By JOE SCALZO
Four months after Kelly Pavlik lost his middleweight titles, cracks are beginning to show inside Team Pavlik.
Pavlik’s father and co-manager, Mike Pavlik Sr., told Steve Kim of Max Boxing on Tuesday he believes his son needs new tutelage after spending his entire amateur and pro career under Jack Loew.
“I feel right now he’s in the prime of his life and we’ve become one-dimensional and predictable,” Mike Sr. told Kim. “I’m not bad-mouthing Jack. It’s not that Jack has done anything wrong; Jack has reached a plateau that he’s never been before. He doesn’t know what to do.”
Although there have been occasional issues between Loew and Mike Sr. over the years, this is the first time the father has publicly questioned Loew. The tension stems from Pavlik’s unanimous decision loss in April to Sergio Martinez, whose speed and movement caused problems for the Youngstown fighter.
When reached by phone Wednesday, the 28-year-old Pavlik said he hasn’t considered making a change at trainer.
“That’s news to me,” he said. “For me to look at someone else, not to sound like a broken record, but I wasn’t schooled [by Martinez]. In the middle rounds, I was frustrating him.
“I haven’t even thought of changing.”
Although Mike Sr. stopped short of saying he wanted a new trainer, he believes Loew needs to bring in someone to help.
Mike Sr. did not return a call seeking comment on Wednesday, Loew, who declined comment for this article, told the website the problem wasn’t the training, it was Pavlik’s condition entering camp and the father’s insistence on working out “four or five times a day.” Pavlik weighed more than 190 pounds entering camp — 30 above the middleweight limit — and, consequently, was drained on fight night.
Loew said Pavlik needs to take better care of his body between fights and hire a professional nutritionist to safely make weight.
Pavlik’s co-manager, Cameron Dunkin, doesn’t think his fighter needs a new trainer, but agreed with Mike Sr. that Pavlik could benefit from different voices in the gym, both physically and mentally.
“Nothing against Jack; he’s taken him as far as he can go,” said Dunkin. “But Kelly’s not learning anything. He’s not excited, he’s not motivated.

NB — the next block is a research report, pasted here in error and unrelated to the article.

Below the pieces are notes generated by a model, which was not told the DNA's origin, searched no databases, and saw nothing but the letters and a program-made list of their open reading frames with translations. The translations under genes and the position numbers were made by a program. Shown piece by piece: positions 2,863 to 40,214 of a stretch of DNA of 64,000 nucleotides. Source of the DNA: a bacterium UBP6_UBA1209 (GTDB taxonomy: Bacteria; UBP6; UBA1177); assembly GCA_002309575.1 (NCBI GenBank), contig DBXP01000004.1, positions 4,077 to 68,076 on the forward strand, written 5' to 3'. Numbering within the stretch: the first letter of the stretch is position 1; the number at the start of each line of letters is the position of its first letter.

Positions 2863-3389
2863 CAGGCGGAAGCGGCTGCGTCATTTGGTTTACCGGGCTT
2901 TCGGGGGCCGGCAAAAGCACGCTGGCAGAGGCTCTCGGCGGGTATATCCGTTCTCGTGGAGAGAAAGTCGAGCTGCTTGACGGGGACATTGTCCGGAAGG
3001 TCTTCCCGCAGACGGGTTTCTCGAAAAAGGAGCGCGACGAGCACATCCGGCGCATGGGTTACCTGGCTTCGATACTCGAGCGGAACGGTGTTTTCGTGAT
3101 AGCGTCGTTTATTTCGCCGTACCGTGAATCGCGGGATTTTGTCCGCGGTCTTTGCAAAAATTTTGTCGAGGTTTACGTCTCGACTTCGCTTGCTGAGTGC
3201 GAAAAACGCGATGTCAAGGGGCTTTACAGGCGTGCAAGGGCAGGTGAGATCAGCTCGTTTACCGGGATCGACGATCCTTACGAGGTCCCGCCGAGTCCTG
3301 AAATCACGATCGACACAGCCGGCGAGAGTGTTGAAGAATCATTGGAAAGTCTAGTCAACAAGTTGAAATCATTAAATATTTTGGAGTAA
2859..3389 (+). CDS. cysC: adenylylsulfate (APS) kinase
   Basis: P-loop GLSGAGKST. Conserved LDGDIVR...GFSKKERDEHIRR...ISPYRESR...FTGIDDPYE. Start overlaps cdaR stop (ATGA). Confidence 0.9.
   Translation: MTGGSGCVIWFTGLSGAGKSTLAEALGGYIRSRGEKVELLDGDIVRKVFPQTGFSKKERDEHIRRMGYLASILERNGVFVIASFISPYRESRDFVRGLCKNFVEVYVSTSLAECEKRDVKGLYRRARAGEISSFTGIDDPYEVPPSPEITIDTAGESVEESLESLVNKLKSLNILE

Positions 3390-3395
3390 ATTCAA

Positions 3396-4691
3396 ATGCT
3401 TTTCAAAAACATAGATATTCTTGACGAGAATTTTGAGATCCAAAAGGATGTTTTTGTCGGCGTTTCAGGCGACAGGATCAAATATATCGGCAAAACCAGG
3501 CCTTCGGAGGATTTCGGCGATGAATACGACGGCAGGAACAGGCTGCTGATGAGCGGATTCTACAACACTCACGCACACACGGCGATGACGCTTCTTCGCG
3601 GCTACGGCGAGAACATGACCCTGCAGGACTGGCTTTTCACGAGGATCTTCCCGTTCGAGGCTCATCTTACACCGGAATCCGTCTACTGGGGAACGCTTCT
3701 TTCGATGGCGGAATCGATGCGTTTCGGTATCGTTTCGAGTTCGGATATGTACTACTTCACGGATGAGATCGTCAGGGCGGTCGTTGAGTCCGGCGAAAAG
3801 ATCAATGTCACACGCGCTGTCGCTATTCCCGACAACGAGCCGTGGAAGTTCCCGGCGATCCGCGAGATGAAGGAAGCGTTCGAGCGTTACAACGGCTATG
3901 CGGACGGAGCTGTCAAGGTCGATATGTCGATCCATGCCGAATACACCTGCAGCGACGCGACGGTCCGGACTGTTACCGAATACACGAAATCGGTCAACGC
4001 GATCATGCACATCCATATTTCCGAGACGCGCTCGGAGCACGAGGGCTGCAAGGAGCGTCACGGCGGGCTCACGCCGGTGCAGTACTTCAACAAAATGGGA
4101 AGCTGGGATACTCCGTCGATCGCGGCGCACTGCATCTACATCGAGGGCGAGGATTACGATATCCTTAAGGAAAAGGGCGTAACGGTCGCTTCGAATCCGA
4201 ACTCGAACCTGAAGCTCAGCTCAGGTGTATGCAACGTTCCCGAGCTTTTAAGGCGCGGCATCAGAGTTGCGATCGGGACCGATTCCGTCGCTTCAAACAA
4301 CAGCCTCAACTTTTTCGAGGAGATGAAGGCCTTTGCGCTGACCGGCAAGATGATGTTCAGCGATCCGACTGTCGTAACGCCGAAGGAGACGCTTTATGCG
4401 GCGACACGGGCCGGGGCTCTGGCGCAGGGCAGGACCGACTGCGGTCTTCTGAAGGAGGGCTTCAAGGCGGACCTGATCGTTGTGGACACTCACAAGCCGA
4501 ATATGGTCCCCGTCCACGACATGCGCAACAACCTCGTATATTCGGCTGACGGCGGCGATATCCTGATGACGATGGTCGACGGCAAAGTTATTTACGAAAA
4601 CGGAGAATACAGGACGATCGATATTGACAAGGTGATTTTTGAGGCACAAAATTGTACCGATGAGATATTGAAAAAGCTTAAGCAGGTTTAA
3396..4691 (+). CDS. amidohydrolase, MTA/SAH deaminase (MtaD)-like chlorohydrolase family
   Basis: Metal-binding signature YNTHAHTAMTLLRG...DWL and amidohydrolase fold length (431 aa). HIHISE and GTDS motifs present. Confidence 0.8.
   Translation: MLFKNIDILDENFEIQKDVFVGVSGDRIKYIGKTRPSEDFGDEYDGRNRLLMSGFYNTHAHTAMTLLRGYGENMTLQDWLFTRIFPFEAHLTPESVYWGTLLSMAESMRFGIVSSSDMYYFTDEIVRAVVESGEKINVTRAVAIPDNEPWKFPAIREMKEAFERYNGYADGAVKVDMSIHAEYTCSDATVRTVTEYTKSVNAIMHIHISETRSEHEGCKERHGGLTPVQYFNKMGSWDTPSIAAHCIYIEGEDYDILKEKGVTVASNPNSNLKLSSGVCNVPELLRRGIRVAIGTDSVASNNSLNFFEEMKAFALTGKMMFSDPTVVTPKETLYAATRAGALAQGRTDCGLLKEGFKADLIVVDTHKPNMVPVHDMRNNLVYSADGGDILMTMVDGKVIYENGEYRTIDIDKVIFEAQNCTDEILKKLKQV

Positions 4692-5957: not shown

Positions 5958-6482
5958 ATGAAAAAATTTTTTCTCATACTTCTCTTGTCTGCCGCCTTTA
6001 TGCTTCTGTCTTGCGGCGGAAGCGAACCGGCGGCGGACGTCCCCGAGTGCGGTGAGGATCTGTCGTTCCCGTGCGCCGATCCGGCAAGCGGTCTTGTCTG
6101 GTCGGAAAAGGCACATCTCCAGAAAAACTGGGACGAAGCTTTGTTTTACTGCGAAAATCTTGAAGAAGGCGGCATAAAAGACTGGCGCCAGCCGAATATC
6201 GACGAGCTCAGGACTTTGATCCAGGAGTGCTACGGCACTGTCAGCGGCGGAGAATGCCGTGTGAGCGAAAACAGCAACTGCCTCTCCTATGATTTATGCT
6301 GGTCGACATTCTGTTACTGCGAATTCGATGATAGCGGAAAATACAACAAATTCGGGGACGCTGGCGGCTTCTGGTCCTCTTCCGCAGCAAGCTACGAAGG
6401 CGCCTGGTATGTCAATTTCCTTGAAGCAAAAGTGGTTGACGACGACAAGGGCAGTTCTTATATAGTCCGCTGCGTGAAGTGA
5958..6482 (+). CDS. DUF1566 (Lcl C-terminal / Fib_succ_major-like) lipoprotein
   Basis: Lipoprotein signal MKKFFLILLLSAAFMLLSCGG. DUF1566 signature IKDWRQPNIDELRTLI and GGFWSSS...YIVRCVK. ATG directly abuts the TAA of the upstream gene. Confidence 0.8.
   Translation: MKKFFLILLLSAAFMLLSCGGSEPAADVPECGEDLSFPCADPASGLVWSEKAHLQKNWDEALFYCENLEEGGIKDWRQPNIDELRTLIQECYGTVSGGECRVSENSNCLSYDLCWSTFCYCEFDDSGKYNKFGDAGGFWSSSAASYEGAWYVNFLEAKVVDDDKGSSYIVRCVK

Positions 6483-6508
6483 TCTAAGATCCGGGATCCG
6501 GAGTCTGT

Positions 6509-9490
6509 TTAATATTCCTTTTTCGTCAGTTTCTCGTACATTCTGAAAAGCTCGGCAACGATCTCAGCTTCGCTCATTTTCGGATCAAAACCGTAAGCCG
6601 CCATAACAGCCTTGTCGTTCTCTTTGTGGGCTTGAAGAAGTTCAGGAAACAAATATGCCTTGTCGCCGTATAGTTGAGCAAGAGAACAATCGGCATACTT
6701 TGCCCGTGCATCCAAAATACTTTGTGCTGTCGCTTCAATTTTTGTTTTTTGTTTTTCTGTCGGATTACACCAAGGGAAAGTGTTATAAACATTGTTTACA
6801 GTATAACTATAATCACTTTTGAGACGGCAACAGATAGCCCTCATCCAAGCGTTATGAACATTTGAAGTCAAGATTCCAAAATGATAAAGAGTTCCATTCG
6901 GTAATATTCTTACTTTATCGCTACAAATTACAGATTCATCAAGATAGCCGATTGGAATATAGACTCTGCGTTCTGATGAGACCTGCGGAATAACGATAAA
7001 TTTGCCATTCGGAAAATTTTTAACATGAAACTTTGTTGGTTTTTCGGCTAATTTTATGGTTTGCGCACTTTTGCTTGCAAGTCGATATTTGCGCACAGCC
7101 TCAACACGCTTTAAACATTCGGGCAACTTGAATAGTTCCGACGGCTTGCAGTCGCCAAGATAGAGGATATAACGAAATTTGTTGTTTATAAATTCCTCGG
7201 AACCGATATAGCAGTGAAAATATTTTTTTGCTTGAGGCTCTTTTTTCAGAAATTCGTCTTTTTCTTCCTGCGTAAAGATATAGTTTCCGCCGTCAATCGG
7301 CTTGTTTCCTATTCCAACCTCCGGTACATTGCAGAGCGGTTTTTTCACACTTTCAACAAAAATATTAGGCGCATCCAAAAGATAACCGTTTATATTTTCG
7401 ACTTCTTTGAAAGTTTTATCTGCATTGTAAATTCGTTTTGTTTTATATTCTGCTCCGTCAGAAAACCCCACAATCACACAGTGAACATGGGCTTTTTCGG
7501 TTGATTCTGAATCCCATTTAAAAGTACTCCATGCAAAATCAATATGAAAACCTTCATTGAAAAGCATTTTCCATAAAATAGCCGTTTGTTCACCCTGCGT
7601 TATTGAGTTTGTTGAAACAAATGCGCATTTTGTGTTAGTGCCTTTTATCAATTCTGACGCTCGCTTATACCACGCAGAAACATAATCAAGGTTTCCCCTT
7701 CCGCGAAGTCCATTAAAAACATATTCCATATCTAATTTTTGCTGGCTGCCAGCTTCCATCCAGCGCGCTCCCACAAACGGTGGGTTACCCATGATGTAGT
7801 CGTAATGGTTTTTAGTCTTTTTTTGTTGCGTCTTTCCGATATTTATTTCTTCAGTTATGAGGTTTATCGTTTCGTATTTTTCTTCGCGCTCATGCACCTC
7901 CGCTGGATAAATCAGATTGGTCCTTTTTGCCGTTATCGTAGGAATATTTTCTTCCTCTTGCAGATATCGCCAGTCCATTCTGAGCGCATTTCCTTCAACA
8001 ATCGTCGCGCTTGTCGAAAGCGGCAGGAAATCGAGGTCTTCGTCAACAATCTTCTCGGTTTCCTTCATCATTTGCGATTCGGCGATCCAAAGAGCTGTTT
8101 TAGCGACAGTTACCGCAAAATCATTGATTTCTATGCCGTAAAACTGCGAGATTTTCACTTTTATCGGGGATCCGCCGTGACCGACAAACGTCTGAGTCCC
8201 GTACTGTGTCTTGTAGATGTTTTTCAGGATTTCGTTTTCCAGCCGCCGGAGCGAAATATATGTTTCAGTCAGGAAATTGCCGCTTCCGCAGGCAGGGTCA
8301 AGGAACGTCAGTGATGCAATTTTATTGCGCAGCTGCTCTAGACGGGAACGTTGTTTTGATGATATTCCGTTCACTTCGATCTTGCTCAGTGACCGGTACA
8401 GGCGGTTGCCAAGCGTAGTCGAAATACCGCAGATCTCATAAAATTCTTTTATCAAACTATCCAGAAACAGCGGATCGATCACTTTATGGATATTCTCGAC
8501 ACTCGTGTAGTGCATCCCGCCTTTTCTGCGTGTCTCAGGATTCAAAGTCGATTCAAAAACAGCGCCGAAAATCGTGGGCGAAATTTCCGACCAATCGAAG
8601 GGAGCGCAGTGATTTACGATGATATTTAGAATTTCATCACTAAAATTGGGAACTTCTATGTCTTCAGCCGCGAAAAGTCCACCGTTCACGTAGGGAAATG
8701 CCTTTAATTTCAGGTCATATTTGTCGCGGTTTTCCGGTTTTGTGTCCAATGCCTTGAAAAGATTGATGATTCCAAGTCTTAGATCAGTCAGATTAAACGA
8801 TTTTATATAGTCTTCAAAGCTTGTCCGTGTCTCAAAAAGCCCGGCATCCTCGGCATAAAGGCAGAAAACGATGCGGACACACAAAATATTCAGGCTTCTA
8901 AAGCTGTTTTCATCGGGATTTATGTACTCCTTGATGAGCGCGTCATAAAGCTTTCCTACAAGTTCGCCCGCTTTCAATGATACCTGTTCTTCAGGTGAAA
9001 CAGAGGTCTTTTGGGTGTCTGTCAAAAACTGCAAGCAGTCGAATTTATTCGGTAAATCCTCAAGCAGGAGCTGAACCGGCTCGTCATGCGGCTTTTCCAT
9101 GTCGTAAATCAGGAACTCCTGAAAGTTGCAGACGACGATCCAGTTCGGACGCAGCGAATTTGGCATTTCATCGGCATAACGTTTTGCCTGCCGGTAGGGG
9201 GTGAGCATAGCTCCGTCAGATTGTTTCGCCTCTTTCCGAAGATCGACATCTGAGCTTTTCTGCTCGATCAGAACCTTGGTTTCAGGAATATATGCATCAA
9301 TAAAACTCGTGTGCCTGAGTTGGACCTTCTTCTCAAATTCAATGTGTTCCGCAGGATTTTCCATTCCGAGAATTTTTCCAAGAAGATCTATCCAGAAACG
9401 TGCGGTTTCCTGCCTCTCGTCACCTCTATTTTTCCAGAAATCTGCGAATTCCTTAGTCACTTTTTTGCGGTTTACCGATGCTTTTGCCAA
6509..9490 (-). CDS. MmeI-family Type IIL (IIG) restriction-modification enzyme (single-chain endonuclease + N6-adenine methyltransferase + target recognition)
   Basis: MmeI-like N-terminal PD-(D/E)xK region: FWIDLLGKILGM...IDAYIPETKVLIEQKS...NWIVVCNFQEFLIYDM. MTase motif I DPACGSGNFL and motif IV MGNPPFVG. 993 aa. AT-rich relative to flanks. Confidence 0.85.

“I never want to get rid of Jack; he knows the kid as well as anybody. But I think if somebody came in and helped, that would be good.”
Dunkin said many top fighters train at gyms with multiple trainers and spend time inside the gym outside of training camp, gaining exposure to different styles from different cultural backgrounds. They also attend fights in person to pick up on new approaches, something Pavlik rarely does. (Although he does watch fights on TV.)
“There’s a whole lot of new ideas going on and Kelly doesn’t see any of that,” said Dunkin. “To close his eyes and not see other guys and other thoughts and other fighters and other places, it’s just stupid. It’s not fair to him and he’s never going to grow and he’s never going to get any better.”
Pavlik’s promoter, Top Rank chairman Bob Arum, told Fanhouse on Wednesday he’s discussed a possible HBO fight in the fall between Pavlik and Russian Dmitry Pirog, the newly crowned WBO middleweight champion.
Pirog (17-0, 14 KOs) won the title with a fifth-round KO of Daniel Jacobs on Saturday.
The title was one of two won by Martinez against Pavlik (the WBC belt was other), who vacated both when he didn’t make a title defense in time.
Dunkin confirmed the camp’s interest in the Pirog fight but Pavlik said he knows little of the discussions.
“I’ve never heard of the guy,” said Pavlik, who recently returned from a Hawaiian vacation with his wife. “I told everybody, the only way I’m going to fight at 160 is if a nutritionist tells me I can make the weight and be healthy.
“If they offer the right money and a nutritionist said it’s OK, it’s a definite possibility.”